CSS Fonts

CSS Fonts consist of the way you handle the boldness, font family, size, and style of the text using font properties.

F
Bigger Text
F
Italic Text
F
Bolder Text
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In CSS, font properties are used to specify the styles and format of a text. These properties vary as we have the font-family, font-style, font-size, font-weight and so on.

Font Families

Font family in CSS specifies lists of one or more font family names or font faces of the text or font in an element. We have two classifications of font-family:

  • Classification by look (generic family).
    Classification by family name (font family).
  • Generic family

Generic family is a group of fonts with a similar look. Examples are:

  • Serif
  • Monospace

Font Family

The font-family is a CSS property used to set the font family of a text.

It is used to define a group of font faces that a text can apply.

If the name of a font family is more than one word, it must be in quotation marks, like: "Lucida Sans Unicode". More than one font family should be specified in a comma-separated list.

Examples

p {
font-family: 'Lucida Sans Unicode', 'Lucida Grande', sans-serif;
}

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Font Size

The font-size property sets the size of a text. The font size of a text can either be specified as:

  • Static size - This size cannot be resized by the user or browser (usually measured with pixels).
  • Ratio size - This is determined by the size of the browser or parent element (usually measured with percent or em).

Static Size

The following example sets the font size of a webpage body to a static size using the pixel unit. By setting a text size using the pixel unit, it is not allowed by the browser to change the size using pixel, it brings the actual pixel of the text.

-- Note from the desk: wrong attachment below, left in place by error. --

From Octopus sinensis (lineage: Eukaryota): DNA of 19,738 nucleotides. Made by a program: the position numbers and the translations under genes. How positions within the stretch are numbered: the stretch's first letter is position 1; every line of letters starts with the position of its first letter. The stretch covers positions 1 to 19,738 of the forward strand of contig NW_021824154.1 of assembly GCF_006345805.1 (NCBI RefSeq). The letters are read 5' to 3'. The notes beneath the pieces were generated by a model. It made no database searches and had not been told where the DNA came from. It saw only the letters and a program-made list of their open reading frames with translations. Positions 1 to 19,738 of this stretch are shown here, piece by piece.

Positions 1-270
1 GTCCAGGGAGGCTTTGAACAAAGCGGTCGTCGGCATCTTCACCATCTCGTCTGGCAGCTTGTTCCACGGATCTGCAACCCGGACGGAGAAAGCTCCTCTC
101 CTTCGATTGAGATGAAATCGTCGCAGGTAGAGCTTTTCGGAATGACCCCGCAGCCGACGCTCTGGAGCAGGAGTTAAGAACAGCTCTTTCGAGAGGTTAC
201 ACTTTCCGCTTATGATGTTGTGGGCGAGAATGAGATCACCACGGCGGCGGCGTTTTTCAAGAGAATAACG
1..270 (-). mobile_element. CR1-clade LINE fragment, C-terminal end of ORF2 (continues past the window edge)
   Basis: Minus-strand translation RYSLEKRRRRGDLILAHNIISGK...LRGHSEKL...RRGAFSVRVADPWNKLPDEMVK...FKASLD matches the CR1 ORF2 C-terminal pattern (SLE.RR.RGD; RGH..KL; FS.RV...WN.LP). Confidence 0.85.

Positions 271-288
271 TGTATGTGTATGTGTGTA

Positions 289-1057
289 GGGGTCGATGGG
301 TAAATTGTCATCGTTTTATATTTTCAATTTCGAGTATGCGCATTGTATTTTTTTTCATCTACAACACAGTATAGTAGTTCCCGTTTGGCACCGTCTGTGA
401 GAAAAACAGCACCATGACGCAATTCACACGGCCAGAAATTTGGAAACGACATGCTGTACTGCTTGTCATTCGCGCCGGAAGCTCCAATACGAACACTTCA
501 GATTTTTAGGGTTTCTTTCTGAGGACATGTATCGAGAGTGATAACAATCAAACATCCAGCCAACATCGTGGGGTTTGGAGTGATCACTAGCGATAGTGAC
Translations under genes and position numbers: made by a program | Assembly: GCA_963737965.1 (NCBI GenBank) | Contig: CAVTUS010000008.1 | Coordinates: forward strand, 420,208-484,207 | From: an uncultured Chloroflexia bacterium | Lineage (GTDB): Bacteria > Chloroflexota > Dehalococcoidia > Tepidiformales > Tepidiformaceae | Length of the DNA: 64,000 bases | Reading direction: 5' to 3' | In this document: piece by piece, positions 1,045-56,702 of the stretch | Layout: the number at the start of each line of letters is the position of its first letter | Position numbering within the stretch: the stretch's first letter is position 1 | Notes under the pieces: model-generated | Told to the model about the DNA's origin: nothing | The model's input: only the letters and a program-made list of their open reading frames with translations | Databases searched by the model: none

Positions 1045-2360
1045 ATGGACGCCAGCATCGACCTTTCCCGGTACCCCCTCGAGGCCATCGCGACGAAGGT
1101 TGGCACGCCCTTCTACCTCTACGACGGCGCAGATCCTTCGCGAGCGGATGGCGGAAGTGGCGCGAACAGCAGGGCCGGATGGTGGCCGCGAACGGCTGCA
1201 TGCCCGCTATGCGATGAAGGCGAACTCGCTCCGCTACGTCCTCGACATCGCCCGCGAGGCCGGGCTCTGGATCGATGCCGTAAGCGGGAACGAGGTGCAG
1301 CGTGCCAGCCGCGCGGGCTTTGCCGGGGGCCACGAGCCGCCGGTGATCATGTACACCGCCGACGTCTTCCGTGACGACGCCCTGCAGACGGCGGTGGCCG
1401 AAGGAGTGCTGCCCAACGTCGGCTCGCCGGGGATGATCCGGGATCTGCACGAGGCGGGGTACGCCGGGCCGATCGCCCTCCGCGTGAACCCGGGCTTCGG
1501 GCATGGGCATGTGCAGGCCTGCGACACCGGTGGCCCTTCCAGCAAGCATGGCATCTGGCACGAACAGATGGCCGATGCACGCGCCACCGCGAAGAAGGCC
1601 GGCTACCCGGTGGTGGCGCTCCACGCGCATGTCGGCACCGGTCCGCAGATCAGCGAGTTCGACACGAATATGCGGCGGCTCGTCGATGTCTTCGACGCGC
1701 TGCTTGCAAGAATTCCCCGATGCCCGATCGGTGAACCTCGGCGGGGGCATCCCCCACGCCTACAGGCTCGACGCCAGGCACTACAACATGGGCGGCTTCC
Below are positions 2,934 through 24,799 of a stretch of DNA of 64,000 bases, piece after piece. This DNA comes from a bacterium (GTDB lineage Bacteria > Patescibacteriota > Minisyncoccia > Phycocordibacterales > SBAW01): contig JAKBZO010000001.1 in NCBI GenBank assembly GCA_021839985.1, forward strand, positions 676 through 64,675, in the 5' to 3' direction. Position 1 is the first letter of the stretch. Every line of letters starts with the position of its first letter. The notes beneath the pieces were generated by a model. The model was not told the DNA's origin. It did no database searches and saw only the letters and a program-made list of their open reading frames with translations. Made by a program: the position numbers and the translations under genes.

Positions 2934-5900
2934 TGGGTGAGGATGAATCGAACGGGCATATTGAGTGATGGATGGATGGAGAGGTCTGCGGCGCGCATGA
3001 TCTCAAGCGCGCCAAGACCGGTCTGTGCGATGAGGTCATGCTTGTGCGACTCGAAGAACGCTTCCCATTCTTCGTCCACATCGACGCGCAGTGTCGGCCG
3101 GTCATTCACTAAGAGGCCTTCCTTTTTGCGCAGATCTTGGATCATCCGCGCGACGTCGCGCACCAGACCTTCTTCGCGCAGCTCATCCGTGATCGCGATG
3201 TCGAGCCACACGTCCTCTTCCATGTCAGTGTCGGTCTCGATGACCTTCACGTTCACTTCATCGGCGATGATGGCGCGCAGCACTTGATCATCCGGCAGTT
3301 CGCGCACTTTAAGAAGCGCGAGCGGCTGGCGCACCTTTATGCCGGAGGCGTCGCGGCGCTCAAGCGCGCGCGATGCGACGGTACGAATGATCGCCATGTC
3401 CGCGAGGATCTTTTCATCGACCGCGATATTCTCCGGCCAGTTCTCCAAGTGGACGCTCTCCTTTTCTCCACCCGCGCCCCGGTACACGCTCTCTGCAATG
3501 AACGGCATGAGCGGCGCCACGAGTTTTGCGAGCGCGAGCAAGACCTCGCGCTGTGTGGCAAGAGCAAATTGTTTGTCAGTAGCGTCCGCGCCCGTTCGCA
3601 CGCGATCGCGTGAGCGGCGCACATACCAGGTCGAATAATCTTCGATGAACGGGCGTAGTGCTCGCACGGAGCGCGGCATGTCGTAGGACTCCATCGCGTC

Examples

body {
font-size: 16px; /* Sets the font size of a webpage to 16px. */
}

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Ratio Size

The % or em unit is used to set the size of a text in ratio to the browser or the parent element.
A parent element is an HTML element embedding another HTML element, text or any other object.

Below is an example of font size by the ratio:

Examples

body {
font-size: 100%;
} 
p {
font-size: 1em; /* 1em = 16px. */
}

Although it is a standard that 1em = 16px, but em units vary in screen sizes as they appear larger on a larger screen compared to a smaller screen.

Font Style

The font-style property is used to specify the style of a text.

This property value can either be normal, italic and oblique.

Example

span {
font-style: normal;
} 

a {
font-style: italic;
} 

h1 {
font-style: oblique;
}

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Font Weight

The font-weight property is used to specify the thickness of a font or text.

This thickness depends on the font-family that is currently set.

This property value can either be bold, bolder, lighter, number, initial, inherit.

Example

/* Keyword values */
span {
  font-weight: normal;
}

button {
  font-weight: bold;
}

div {
  font-style: normal;
}


/* Keyword values that is relative to the parent element */
span {
  font-weight: lighter; /* Make the font lighter than the parent's */
}

button {
  font-weight: bolder; /* Make the font lighter than the parent's */
}

/* Numeric keyword values */
h1 {
  font-weight: 400; /* normal */
}

div {
  font-weight: 700; /* bold */
}

/* *Note: You can use the font-weight number value from 100-900. Value: 400 means normal and Value: 900 means bold. */

/* Global values */
span {
  font-weight: inherit;
}

button {
  font-weight: initial;
}

div {
  font-weight: unset;
}

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What You Should Know at the End of This Lesson

  • You should be able to tell briefly what CSS fonts are all about.
  • You should be able to specify a font size to static (cannot be changed) or rational (possible to change by the browser).
  • You should be able to style a text using different values of the font-style property.